My Uncle Jim (a bachelor) would come too. He was half-baked by the time he got to my mother's, but that was part of his charm (to us kids, not to my mother). When he sat down to eat, it was as if the rest of the world disappeared. He would concentrate on the meal as if he had never eaten before. He loved the food immensely. He never brought food, but he would always reach into his pockets and hand us whatever coins or dollar bills he might have.

And then there was my Aunt Sis. She was single all her life and was very close to my mother. Because of their closeness, we were treated as little princes and princesses. She would bring pies and cookies like you've never seen before. She always made sure to bring something that each of us would enjoy. She never failed on that goal!

Even when we lived in a tiny house, they would all show up and enjoy the meal. Afterwards, the women would stay in the kitchen and wash the dishes while the men would gather in the living room and "watch" television. Actually, what they did was watch about five minutes worth of television and then fall soundly asleep and snore loud enough to wake the dead. It's funny, but I miss that part of the routine.

When I grew up, Thanksgiving was focused on my own spouse and children. Even when the family no longer included my spouse, my in-laws continued to come to Thanksgiving dinner. At the time, I thought it strange, but now I see that it was a way to stay in touch with the children and maintain a sense of family. I never thought I would, but I miss them.

Now that the in-laws are gone and the children are far-flung, I now spend Thanksgiving with people who are not my family.

There were the British friends who never had occasion to celebrate Thanksgiving. We laughed when they brought kumquats to share. We didn't expect that!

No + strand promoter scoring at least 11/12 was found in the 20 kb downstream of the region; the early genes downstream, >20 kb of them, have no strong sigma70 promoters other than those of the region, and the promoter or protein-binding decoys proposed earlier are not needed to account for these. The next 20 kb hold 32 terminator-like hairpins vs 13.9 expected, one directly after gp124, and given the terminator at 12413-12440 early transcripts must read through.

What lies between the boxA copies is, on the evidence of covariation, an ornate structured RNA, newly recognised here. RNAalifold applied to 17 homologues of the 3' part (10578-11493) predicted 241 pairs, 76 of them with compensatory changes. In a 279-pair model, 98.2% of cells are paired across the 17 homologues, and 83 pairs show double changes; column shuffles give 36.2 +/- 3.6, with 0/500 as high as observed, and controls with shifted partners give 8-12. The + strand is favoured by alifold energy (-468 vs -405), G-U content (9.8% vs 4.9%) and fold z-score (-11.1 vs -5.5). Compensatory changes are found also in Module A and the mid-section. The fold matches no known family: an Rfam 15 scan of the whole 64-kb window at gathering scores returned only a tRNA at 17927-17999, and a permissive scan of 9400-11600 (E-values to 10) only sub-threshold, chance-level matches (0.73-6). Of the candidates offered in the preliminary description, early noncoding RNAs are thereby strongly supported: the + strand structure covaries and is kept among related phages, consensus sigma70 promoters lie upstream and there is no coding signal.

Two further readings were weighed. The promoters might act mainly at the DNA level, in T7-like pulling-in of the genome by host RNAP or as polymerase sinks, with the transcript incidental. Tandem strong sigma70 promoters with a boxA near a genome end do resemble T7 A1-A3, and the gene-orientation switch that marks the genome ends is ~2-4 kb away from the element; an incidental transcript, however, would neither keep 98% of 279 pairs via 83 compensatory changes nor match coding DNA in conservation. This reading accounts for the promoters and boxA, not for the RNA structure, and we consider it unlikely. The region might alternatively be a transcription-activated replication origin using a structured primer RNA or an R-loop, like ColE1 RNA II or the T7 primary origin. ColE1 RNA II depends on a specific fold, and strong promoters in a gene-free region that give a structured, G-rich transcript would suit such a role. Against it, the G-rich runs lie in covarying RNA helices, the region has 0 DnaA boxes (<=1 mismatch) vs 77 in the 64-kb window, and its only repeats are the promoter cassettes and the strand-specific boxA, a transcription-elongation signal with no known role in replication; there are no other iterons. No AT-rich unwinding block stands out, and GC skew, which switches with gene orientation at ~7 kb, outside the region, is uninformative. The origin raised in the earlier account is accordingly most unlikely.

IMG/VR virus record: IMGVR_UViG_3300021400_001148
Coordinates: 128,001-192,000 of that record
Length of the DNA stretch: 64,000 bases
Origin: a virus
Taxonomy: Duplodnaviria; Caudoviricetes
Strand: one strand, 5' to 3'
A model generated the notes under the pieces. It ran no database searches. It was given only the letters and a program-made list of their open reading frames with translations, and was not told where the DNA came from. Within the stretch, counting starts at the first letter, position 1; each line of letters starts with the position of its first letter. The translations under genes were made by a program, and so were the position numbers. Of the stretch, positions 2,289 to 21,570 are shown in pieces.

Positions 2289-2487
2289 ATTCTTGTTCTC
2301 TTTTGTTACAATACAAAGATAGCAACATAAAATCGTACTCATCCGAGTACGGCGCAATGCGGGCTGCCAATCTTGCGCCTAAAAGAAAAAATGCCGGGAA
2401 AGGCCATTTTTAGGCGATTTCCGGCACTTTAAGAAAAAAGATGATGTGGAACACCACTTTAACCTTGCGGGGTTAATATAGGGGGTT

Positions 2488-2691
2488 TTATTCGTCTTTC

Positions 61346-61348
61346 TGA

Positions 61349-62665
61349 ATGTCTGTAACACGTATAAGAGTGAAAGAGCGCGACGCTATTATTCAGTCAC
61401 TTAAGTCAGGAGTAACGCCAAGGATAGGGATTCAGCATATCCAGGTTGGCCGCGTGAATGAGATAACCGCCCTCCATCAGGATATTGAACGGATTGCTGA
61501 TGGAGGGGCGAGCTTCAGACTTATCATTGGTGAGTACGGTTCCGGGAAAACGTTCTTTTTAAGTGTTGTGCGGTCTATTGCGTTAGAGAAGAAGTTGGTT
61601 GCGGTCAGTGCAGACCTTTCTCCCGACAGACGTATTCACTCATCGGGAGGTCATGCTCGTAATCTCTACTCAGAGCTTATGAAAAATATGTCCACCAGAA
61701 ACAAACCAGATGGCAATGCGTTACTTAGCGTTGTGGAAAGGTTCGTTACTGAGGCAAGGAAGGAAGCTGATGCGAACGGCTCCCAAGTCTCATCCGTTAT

There were the single women who are either raising children alone or who have no children. I have a special bond with these folks.

There are the people with whom I would otherwise never share a meal but who wanted to share a meal and had no where else to go.

This year, the day was spent with a family, but they were not my own. I saw that they rolled their eyes about their mother, as I did when my own mother was alive. They joked with each other and resurrected childhood memories. I got to sit back and laugh at how similar our families are.

Some of us clear the plate. Others of us refuse to eat the main course (turkey). Some of us demand vegetarian alternatives.

Gobble, gobble, gobble.

Although it has changed, I enjoy it no matter who comes to share my table.

Wednesday, July 10, 2013

Tell me I didn't just do that...

Drove downtown to take a book back to the public library.

Found a parking spot right in front of the building.

Walked across the street with the book in hand.

Ambled over to the drop-box and noticed there was ketchup smeared all over the box. How rude, I thought.

Opened the box and dropped the book...into the trash can! Oh, crap.

Sunday, June 16, 2013

Vows Made the Day

After some discussion, my son and his fiance decided to say vows at their wedding. It was truly a powerful period of the evening. When my son finished saying his vows, the wedding attendees exclaimed, "ahhhh." The bride paused between each of her vows and took a long breath, as if she were holding back tears. The attendees cheered when she finished.

"It was the right thing to do," my son later confided. It made the evening.